Leer meaning

lîr

A leer stomach.

adjective
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The definition of a leer is a long glance showing malicious intent.

An example of a leer is a glare at someone right before you steal some of their belongings.

noun
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Leer is defined as to look with a sneaky expression.

An example of leer is to glare at something infuriating.

verb
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To look with a sidelong glance, indicative especially of sexual desire or sly and malicious intent.
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A desirous, sly, or knowing look.
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A sly, sidelong look showing salaciousness, malicious triumph, etc.
noun
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To look with a leer.
verb
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(intransitive) To look sideways or obliquely; now especially with sexual desire or malicious intent.
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To entice with a leer or leers.
verb
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A significant side glance; a glance expressive of some passion, as malignity, amorousness, etc.; a sly or lecherous look.
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An arch or affected glance or cast of countenance.
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(UK dialectal) The flank or loin.
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adjective
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Faint from lack of food; hungry.
adjective
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(UK dialectal) Thin; faint.
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Having no load or burden; free; without a rider.

A leer horse.

adjective
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Lacking sense or seriousness; trifling; frivolous.

Leer words.

adjective
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To teach.
verb
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To learn.
verb
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Alternative form of lehr.
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Origin of leer

  • Probably from obsolete leer cheek from Middle English ler from Old English hlēor kleu- in Indo-European roots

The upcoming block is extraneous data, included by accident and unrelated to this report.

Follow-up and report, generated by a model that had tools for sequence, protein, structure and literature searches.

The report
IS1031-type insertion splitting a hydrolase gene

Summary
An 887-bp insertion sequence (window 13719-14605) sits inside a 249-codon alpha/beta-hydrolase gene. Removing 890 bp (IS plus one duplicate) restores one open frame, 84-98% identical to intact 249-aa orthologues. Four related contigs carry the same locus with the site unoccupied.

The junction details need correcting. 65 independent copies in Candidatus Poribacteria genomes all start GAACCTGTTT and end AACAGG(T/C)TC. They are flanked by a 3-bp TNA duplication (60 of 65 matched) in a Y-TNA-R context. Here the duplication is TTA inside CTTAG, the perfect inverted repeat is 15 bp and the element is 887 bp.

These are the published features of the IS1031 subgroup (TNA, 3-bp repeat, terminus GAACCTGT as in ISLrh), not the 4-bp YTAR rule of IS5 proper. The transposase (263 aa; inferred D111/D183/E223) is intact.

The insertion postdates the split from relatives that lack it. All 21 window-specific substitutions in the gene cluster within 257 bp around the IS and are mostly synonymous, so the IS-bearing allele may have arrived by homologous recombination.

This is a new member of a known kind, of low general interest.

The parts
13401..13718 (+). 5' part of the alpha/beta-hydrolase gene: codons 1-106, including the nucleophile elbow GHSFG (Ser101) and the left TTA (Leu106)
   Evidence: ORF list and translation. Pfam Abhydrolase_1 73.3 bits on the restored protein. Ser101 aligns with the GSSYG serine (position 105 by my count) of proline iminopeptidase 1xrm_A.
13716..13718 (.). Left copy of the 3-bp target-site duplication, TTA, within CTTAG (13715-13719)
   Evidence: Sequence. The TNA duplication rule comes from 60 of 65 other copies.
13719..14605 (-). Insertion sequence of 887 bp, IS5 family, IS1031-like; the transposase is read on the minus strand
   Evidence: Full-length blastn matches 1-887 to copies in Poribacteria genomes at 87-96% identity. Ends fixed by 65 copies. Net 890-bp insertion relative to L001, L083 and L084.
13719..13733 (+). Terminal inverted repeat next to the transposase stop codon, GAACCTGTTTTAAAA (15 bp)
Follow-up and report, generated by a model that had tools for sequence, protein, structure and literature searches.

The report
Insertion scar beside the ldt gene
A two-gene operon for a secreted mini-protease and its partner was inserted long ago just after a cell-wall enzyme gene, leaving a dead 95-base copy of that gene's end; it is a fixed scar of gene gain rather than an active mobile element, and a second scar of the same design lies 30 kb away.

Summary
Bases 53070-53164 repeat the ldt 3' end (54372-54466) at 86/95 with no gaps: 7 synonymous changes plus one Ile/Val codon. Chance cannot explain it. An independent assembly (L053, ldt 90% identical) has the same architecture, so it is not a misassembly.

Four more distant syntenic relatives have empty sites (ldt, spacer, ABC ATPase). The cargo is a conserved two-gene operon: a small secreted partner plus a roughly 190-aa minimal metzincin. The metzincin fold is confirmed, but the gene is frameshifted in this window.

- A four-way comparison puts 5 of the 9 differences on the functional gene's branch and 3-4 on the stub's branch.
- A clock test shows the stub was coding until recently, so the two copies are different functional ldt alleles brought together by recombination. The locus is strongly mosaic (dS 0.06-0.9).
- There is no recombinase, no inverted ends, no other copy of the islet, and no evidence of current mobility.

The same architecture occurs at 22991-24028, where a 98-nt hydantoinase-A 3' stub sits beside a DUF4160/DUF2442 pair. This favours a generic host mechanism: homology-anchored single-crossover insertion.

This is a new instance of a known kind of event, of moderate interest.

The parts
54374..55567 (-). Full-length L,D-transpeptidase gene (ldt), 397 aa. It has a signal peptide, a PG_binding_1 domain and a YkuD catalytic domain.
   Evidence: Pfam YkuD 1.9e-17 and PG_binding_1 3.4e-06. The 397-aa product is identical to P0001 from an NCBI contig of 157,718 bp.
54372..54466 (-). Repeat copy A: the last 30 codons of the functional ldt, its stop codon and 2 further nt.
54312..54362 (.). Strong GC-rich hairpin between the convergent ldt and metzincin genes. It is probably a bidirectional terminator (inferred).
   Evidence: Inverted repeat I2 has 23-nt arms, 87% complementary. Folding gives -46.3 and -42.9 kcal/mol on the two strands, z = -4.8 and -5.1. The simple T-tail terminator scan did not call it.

From American Heritage Dictionary of the English Language, 5th Edition
  • From Middle English ler, leor (“face, cheek"), from Old English hlÄ“or (“face, cheek, profile"), from Proto-Germanic *hleuzÄ… (“ear, cheek"), from Proto-Indo-European *ḱlews- (“temple of the forehead, cheek"), from Proto-Indo-European *ḱlewe-, *ḱlew- (“to hear"). Cognate with Scots lire, lere (“face, appearance, complexion, blee"), Dutch lier (“cheek"), Swedish lyra (“pout"), Norwegian lia (“hillside"), Icelandic hlýr (“the face, cheek, countenance"). Related to Old English hlyst (“sense of hearing, listening") and hlysnan (“to listen"). More at list, listen.
    From Wiktionary
  • From Middle English leren, from Old English lÇ£ran (“to teach, instruct, guide, enjoin, advise, persuade, urge, preach, hand down"), from Proto-Germanic *laizijanÄ… (“to teach"), from Proto-Indo-European *leis- (“track, footprint, furrow, trace"). Cognate with Dutch leren (“to teach"), German lehren (“to teach"), Swedish lära (“to teach"). Related to Old English lār (“lore, learning, science, art of teaching, preaching, doctrine, study, precept, exhortation, advice, instigation, history, story, cunning "). See lore.
    From Wiktionary
  • From Middle English lere, from Old English Ä¡elÇ£re, *lÇ£re (“empty, void, empty-handed"), from Proto-Germanic *lÄ“ziz, *lÄ“zijaz (“empty"), from Proto-Indo-European *les- (“to collect, pick"). Cognate with Dutch laar (“a clearing in the woods"), German leer (“empty"). Related to Old English lesan (“to gather, collect"). More at lease.
    From Wiktionary
  • Exact development uncertain, but apparently from *leer (“to make a face"), from leer (“face"). See below.
    From Wiktionary
  • See lehr
    From Wiktionary